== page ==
The recently-released sixth studio album by Ryan Bingham is an absolute delight. Blending together a range of genres, American Love Song provides unpredictable pleasures at every turn. Combining these brilliant new tracks with some of his most stately numbers from previous releases makes for an amazing evening in Manchester.
Enhancing the evening is Spanish singer-songwriter Joana Serrat in the support slot. Her most recent album Dripping Springs is an arresting and sensuous Americana record, enhanced by Israel Nash’s production along with the contribution of a plethora of artists synonymous with the genre. Presented live this evening, the lush production values have unfortunately been stripped back; it’s just Joana and an acoustic guitar, but her tender vocals are a delight, with a more palpable lower range than is apparent on record enhancing the drama of her atmospheric songs. The lack of a band to accompany her does affect certain tracks, but on moments like ‘Lost Battles’ her emotional vocals and a knack for a melody are all she needs to create something utterly beguiling.
Ryan Bingham’s band emerge from the shadows; the drummer creates a dirty rhythm which the guitarist picks up and enhances with emphatic grooves. It’s the jarring opening to ‘Nothin’ Holds Me Down’ and once the song reaches maximum velocity the Texan enters the fray to add his rasping country drawl. Manchester’s Gorilla is inexplicably not full and Bingham appears to be initially underwhelmed by the response to this raucous number. Album opener ‘Jingle and Go’ follows and this time the crowd respond to the breezy, jaunty nature of the song. Bingham has invited a couple of powerful female backing vocal singers for the tour and the gospel motifs that are threaded throughout the entire album are enhanced by the pair.
We’re informed that we’re going to get a bit of everything this evening; folk, rock and roll, Americana, gospel and ‘Situation Station’ follows, slowing proceedings down somewhat to address in explicit terms the themes of the whole record when he sings “Well I been thinkin’ bout the situation, How the world is full of frustration, As the president shits upon the nation, Wipes his ass with all denominations, Turns around and begs for donations.” We’re left in no doubt about the dysphoria the whole album deals with.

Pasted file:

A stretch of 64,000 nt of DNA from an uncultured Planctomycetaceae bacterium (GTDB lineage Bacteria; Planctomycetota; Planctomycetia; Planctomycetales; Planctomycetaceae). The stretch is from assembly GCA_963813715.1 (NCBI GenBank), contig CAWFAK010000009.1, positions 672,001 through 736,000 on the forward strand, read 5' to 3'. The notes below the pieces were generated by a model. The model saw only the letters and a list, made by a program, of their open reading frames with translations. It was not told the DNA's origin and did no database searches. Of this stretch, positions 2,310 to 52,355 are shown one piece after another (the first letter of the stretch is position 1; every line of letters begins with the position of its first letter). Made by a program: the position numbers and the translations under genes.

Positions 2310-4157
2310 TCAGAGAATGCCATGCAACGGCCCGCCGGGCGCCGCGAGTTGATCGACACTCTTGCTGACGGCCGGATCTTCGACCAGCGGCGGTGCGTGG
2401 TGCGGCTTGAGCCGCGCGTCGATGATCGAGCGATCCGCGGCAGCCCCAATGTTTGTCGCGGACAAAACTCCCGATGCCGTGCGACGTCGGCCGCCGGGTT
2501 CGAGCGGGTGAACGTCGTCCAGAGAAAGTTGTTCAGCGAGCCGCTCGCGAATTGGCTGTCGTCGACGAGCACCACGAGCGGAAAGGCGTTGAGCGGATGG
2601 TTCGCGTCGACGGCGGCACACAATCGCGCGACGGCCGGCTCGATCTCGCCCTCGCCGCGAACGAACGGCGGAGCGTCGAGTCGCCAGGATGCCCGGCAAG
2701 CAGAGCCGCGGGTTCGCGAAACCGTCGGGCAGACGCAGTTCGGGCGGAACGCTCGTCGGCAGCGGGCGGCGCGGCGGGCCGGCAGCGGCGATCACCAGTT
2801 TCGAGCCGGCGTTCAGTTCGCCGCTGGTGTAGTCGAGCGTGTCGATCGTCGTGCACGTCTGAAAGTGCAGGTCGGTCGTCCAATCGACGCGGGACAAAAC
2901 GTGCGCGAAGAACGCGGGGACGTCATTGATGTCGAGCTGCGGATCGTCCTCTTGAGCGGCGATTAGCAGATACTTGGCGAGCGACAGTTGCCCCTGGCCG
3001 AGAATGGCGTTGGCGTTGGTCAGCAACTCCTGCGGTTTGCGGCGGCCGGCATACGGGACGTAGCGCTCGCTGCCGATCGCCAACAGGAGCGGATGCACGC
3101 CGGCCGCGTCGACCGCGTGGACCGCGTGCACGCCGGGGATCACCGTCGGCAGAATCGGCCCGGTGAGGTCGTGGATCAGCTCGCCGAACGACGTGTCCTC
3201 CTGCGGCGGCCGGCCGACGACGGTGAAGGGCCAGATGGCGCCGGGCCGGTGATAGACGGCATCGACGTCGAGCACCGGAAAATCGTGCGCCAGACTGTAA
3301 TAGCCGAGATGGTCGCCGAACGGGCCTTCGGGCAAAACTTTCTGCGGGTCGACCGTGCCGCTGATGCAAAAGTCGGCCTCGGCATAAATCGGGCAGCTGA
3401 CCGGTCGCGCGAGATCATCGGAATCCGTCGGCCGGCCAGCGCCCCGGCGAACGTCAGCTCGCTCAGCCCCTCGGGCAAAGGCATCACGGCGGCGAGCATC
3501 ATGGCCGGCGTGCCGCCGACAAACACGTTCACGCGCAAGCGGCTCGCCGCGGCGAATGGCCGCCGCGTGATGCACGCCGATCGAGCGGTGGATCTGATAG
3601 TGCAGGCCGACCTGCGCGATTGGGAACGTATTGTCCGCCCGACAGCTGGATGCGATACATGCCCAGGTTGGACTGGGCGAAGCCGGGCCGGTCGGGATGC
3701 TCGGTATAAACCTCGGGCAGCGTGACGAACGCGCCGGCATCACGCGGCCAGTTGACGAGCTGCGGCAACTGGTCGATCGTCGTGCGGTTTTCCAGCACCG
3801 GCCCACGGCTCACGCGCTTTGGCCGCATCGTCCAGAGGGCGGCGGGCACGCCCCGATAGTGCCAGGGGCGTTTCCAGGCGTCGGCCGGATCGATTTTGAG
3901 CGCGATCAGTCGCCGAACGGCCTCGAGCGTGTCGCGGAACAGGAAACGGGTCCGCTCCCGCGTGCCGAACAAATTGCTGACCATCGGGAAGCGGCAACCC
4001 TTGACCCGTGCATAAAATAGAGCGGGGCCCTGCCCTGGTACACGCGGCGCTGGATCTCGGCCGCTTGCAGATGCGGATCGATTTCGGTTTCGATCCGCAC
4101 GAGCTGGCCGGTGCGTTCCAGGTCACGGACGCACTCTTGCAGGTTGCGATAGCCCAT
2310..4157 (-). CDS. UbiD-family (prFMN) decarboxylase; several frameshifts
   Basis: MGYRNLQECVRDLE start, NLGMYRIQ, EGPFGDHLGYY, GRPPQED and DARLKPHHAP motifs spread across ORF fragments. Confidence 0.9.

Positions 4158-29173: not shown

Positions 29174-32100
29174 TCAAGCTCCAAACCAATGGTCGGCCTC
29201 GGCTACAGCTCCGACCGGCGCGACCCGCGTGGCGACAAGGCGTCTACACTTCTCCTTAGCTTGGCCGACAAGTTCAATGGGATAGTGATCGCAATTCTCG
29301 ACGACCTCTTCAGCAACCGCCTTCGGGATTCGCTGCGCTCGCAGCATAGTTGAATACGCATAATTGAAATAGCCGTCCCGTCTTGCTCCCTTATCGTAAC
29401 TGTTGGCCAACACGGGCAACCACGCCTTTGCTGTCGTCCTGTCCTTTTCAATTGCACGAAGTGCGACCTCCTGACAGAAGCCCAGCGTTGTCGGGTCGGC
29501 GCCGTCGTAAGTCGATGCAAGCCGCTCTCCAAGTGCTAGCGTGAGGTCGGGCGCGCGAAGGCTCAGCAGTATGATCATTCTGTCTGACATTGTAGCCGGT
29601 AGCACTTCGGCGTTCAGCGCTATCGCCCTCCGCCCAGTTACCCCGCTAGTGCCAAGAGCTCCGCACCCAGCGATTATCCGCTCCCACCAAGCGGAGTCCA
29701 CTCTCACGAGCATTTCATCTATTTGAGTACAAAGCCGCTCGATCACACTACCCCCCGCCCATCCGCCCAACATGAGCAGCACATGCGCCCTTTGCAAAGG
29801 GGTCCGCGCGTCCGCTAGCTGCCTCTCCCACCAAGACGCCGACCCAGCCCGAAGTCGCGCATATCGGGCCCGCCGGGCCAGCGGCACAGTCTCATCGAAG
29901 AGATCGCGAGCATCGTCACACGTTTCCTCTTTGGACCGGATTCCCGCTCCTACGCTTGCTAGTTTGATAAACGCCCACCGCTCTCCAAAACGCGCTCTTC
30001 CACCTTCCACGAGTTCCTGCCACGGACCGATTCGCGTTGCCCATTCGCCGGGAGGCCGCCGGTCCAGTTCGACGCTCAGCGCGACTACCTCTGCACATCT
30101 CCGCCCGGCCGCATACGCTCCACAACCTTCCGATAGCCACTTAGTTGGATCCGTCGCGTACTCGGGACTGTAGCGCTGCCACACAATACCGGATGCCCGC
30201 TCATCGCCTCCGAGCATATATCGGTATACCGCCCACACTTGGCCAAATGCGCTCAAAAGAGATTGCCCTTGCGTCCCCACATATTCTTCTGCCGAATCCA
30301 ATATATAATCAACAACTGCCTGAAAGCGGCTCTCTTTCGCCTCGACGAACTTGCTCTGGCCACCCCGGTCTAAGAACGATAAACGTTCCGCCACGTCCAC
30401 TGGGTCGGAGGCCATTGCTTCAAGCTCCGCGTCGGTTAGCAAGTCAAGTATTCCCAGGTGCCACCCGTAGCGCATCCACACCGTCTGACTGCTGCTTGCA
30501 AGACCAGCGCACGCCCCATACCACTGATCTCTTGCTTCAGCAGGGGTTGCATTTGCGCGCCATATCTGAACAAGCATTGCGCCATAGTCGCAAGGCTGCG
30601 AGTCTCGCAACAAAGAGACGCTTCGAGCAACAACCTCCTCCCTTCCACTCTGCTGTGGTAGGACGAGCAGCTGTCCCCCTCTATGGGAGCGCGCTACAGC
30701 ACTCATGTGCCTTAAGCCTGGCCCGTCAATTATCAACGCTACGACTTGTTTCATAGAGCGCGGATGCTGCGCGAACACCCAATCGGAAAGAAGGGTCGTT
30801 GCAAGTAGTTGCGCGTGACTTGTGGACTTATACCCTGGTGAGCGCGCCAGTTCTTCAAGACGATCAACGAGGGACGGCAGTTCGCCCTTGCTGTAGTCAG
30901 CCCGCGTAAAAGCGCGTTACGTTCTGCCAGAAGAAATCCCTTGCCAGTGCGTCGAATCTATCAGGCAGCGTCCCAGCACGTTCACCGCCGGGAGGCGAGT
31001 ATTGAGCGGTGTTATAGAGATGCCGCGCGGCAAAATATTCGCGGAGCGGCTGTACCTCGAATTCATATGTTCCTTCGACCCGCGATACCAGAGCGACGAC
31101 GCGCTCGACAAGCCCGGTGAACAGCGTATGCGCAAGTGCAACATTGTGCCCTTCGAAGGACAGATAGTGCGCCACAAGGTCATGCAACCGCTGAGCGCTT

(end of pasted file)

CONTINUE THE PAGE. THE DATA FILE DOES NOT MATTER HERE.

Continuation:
Most of the best moments from American Love Song are performed this evening. The timeless bluesy twang of ‘Beautiful and Kind’ is a joy, once again demonstrating his personal desires when he signs off with “I wish the world was beautiful and kind.” The more rambunctious tones return with ‘Got Damn Blues’. It’s a roiling, bottleneck guitar infused gospel number and this combination of passionate genres enhances the impact before ‘Blue’ applies the brakes again.
This ebb and flow of the setlist recreates the unpredictable nature of the new record and when the band depart Bingham is allowed to really take it back to basics with ‘Mariachi’ which is accompanied by an insight into his formative years in Texas along with his adventures in learning the guitar. A huge cheer erupts once the opening strains of ‘Southside of Heaven’ are recognised and we’re told it was the first song he wrote; it’s still one of his best and his stripped back solo performance is perfect!
The band return for the final third of the show and it’s album highlight ‘Hot House’ that illuminates this section of the evening; a greasy guitar duels with Bingham’s sleazy potboiler to thrilling effect and signals a peak in the show which Bingham winds down with the romantically inclined ‘Lover Girl’ a particularly alluring moment.
The encore retains the more reserved cadence and it is here that we are reminded that we have an Oscar-winner in our midst when the regal yet melancholy ‘The Weary Kind’ winds up proceedings. Ryan Bingham always had a good setlist but with the new record he can now present a masterly one. Utterly compelling!
Words & Images by Iain Fox